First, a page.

Our own worst enemy?

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Oh man. I hate articles like these. Although this one was ok for the most part, I can’t help but feel that these kinds of discussions have such a huge potential to reinforce shitty gender stereotypes about women being bitchy and jealous of one another.

Firstly, there seems to be an assumption that just because a lot of people say they don’t want to work for a female boss then it must be true that female bosses are terrible.

Shouldn’t we be questioning whether this is actually a reality? Or why people view female bosses this way?

Why do men and women say they’d rather work for a man? Surely they can’t all have had an unpleasant female boss and even if they have – why write off more than half the world’s population for it? Have they also not had unpleasant male bosses?

I’m not saying this article is ‘wrong’ in any way – I do think it’s important to understand the pressures women are under in male dominated work spaces and what effect this has – but I just wish the focus could be expanded a little wider to look at why people think about female bosses this way.

There’s a brief mention in the article that this dislike of female leaders is directed to those who don’t fit the “traditional female stereotype” – well, who made the stereotype in the first place? It wasn’t women. Yes, women have been complicit to the oppression and degradation of other women. Yes, many women have absorbed the sexist lessons of gender inequality and stereotypes that we get fed from fucking birth. But to suggest that we are our own ‘worst enemy’ is a joke. Men, and the structures of gender inequality set up by men, still get that honour.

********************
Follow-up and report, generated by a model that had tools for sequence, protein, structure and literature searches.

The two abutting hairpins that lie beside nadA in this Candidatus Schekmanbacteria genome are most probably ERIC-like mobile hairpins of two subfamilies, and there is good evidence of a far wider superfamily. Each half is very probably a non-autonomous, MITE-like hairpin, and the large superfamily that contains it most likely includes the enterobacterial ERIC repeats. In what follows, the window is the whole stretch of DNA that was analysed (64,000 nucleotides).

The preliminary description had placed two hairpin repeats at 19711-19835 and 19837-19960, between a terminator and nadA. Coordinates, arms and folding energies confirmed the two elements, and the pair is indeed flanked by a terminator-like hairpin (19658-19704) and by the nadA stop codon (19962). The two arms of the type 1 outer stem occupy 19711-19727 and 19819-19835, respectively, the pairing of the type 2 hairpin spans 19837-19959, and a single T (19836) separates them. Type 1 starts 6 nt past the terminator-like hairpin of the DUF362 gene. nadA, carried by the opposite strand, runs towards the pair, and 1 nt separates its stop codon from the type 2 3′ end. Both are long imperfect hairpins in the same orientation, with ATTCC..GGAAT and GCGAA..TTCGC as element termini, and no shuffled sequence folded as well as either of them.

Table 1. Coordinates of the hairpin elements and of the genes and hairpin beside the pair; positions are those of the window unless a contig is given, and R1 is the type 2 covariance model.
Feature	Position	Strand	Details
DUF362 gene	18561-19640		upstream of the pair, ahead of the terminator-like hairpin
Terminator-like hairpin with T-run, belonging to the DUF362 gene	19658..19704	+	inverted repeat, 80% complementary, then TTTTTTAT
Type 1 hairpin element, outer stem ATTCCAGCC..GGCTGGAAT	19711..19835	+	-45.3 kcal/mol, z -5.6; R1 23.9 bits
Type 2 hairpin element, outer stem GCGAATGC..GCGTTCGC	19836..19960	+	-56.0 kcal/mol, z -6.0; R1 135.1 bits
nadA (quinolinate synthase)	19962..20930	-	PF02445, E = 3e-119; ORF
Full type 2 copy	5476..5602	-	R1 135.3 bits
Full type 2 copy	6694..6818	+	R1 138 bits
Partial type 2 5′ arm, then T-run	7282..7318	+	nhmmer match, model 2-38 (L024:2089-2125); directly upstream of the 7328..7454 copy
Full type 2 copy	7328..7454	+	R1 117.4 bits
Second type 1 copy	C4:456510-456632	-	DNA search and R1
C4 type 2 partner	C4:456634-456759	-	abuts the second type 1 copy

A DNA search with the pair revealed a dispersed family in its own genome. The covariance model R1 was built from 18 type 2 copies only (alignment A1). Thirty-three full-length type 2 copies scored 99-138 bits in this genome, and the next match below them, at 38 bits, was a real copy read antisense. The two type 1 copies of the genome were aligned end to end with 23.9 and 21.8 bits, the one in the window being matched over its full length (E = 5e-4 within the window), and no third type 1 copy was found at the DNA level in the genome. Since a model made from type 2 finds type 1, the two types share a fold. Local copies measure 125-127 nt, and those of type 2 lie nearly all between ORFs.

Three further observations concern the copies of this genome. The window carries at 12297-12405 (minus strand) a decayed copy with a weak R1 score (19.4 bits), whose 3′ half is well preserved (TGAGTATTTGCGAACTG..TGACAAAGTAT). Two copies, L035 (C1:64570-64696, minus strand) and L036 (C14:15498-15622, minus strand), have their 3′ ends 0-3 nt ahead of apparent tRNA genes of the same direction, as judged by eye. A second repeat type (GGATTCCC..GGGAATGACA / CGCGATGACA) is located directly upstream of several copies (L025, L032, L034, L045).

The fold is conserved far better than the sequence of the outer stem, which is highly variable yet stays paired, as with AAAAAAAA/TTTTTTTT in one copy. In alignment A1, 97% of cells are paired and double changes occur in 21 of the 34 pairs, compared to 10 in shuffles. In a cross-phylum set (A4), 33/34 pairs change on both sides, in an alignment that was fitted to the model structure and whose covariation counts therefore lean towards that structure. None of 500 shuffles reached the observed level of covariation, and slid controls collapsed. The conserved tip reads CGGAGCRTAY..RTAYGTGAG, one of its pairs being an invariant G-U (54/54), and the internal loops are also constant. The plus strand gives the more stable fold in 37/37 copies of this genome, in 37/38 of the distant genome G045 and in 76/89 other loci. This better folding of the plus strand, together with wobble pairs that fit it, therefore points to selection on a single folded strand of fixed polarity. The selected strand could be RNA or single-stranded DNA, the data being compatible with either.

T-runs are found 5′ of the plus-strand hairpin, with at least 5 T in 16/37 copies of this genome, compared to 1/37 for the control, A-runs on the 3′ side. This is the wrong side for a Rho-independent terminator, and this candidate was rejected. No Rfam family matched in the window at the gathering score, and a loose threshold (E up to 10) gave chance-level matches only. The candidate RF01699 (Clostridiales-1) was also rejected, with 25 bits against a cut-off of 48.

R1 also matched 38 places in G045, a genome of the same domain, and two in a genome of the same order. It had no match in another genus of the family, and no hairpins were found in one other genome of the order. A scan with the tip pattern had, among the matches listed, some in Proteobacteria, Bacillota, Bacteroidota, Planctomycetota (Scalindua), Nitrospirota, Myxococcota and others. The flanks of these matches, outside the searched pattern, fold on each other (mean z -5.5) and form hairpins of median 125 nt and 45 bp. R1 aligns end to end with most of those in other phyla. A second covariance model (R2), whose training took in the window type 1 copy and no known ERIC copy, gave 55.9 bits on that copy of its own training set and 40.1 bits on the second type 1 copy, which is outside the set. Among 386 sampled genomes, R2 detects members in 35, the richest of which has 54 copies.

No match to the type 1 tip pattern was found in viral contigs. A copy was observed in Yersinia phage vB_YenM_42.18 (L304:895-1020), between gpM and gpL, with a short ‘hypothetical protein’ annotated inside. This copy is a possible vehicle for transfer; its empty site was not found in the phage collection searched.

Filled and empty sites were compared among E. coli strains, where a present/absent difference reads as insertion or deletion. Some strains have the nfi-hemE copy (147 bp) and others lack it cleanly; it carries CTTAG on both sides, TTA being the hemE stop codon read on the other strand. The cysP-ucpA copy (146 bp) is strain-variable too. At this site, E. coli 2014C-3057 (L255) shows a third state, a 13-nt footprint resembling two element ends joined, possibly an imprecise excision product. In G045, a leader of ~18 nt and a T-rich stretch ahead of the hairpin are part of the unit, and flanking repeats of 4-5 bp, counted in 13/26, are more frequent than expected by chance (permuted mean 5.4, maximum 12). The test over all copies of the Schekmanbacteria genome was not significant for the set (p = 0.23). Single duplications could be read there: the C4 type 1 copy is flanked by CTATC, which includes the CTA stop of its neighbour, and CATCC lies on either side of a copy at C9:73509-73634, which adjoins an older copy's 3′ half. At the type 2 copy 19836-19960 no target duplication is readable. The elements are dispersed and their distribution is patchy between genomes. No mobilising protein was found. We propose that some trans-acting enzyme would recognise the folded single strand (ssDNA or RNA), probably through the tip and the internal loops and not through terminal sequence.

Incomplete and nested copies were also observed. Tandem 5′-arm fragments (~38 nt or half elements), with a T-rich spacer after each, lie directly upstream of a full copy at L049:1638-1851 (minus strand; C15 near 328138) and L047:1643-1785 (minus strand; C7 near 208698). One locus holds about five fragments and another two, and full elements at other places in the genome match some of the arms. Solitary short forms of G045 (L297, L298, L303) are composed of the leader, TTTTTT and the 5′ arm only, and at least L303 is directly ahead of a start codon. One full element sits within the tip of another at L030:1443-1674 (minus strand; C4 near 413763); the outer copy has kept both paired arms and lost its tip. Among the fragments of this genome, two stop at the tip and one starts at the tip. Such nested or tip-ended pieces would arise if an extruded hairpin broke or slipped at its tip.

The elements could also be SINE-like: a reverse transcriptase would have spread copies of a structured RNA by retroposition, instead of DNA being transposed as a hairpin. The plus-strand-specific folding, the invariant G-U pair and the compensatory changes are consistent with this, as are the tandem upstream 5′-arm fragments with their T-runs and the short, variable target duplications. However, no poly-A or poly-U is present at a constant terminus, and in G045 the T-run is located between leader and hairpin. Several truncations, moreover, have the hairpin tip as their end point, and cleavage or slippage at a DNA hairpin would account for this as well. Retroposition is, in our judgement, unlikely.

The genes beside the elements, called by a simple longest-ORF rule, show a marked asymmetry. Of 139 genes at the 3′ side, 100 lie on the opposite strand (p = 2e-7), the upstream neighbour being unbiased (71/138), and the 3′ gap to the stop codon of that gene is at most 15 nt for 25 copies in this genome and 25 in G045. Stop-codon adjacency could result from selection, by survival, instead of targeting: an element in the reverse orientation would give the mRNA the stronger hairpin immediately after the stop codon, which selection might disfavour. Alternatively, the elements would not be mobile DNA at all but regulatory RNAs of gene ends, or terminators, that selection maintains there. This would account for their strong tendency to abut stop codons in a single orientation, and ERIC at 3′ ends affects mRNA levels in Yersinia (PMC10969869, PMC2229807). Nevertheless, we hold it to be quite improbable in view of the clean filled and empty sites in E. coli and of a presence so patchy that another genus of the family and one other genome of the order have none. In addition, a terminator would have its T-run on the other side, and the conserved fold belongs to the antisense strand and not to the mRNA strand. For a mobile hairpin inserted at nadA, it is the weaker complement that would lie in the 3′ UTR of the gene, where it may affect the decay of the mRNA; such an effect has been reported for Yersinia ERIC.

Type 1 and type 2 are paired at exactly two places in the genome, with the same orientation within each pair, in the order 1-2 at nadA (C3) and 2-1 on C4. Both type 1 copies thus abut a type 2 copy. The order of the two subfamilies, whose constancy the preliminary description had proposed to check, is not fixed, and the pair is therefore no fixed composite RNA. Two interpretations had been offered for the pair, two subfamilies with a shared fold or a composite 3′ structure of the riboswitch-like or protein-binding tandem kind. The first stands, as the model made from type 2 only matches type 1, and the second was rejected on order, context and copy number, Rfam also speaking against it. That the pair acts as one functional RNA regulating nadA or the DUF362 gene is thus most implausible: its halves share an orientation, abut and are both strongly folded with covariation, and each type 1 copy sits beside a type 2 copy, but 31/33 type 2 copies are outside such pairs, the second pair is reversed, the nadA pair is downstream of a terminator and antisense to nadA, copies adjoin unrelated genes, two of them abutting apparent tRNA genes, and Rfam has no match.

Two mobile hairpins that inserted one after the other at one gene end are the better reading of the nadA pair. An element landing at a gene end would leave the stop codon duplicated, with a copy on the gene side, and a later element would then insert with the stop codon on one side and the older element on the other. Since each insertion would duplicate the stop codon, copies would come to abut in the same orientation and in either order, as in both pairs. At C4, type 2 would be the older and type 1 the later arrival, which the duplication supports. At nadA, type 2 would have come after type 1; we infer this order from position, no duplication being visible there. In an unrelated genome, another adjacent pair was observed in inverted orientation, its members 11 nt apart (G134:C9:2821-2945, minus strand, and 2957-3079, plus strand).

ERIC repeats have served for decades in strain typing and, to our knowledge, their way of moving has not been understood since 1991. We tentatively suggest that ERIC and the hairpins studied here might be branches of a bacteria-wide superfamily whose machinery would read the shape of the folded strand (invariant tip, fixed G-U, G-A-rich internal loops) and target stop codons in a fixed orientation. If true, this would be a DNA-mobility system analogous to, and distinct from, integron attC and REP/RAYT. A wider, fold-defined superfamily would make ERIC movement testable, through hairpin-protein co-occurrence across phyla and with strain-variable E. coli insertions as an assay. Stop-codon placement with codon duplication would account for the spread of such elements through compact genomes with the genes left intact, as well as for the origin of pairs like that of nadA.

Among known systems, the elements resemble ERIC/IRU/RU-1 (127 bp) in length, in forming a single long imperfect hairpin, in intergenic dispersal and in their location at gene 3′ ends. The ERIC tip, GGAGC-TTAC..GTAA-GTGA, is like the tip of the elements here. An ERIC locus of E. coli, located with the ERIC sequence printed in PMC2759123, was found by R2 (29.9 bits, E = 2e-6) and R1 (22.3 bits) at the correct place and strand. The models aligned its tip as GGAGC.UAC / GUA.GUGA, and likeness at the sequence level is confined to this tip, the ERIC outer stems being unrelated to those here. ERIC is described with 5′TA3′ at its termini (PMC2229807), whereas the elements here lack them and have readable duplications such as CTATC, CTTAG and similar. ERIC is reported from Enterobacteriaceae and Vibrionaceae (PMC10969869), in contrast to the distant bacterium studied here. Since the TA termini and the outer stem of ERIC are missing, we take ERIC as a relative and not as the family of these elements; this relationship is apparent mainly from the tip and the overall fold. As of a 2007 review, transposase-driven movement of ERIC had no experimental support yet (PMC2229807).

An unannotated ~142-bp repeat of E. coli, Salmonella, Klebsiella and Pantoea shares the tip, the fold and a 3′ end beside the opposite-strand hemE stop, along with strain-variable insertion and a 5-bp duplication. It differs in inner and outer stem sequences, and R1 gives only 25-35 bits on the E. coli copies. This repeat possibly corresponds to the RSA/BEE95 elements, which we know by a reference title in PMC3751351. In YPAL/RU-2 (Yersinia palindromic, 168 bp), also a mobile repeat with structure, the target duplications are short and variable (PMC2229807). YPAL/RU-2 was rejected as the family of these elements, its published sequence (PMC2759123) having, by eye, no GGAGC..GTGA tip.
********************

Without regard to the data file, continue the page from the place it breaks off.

4 Comments on “Our own worst enemy?”

  1. Paul Kounnas says:

    Why just men, you said women were complicit in accepting certain constructions, so hey aren’t we all just as bad? Didn’t we all set up these gender inequalities? (…and go! haha)

    • Oh, Paul…

      Short answer – no! We’re definitely not all equally to blame. Sexist practices, stereotypes and structures have framed our society for centuries and they were not ‘set up’ by women. You can’t blame women for being susceptible to certain ideas that have been naturalised in our society for so long. Not to mention, that if you didn’t comply there was the very real threat of being punished – whether that involved being institutionalised, socially ostracised or persecuted in a variety of other ways.

      Yes it’s important to recognise how women have responded to, participated in and rejected these patriarchal structures – but it’s also important to keep in mind the context that women have lived in and continue to live in. You’ve always got to remember who has the power and, particularly historically speaking, that power has very much been in the hands of men.

  2. Joan H says:

    Of all the people I have worked with and for, I can remember one male who has assisted me enormously in my career and seen me as an equal and one female who jealously tries to put me down and sabotage and undermine me. That’s my experience.

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